Drawing on a great many in-depth interviews with government officials and front-line workers, contributors provide a comparative assessment of approaches to immigrant settlement in nineteen Canadian municipalities. This is complemented by a discussion of the federal government's role in this policy field, and by a comprehensive introduction and conclusion, which ground the book historically and thematically, synthesize its key findings, and provide recommendations for addressing the challenges related to intergovernmental cooperation, settlement service delivery, and overall immigrant outcomes. Individual chapters examine the mechanics of public policy-making but also tell a story about diverse and innovative approaches to immigrant settlement in Canada's towns and cities, about gaps and problems in the system, and about the ways in which governments and communities are working together to facilitate integration. Contributors include Zainab Amery (Carleton University), Caroline Andrew (University of Ottawa), Guy Chiasson (Universite du Quebec en Outaouais), Rodney Haddow (University of Toronto), Rachida Abdourhamane Hima (Government of Canada), Christine Hughes (Carleton University), Serena Kataoka (University of Victoria), Junichiro Koji (University of Ottawa), Warren Magnusson (University of Victoria), Daiva Stasiulis (Carleton University), Erin Tolley (Queen's University), and Robert Young (University of Western Ontario).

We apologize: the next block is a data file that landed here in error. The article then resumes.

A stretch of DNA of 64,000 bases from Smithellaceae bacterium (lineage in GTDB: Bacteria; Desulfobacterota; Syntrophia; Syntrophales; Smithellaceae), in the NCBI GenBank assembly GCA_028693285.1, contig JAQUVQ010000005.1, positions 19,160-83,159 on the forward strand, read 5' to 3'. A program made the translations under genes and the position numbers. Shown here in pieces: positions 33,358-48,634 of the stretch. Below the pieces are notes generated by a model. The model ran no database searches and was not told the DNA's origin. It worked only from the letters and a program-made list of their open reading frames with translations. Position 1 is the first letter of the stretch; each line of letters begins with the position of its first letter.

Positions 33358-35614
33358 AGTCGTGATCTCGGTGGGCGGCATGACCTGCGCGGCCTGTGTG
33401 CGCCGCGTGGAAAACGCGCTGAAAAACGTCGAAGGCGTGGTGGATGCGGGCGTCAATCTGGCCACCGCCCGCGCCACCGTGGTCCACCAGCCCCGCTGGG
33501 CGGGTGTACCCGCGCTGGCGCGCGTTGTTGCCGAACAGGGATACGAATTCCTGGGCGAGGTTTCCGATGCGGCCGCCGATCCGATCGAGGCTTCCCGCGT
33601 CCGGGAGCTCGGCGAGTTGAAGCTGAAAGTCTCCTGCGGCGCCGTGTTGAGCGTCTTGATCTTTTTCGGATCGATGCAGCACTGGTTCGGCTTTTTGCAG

Publisher: McGill-Queen's University Press
Number of pages: 344
Weight: 499 g
Dimensions: 229 x 152 x 23 mm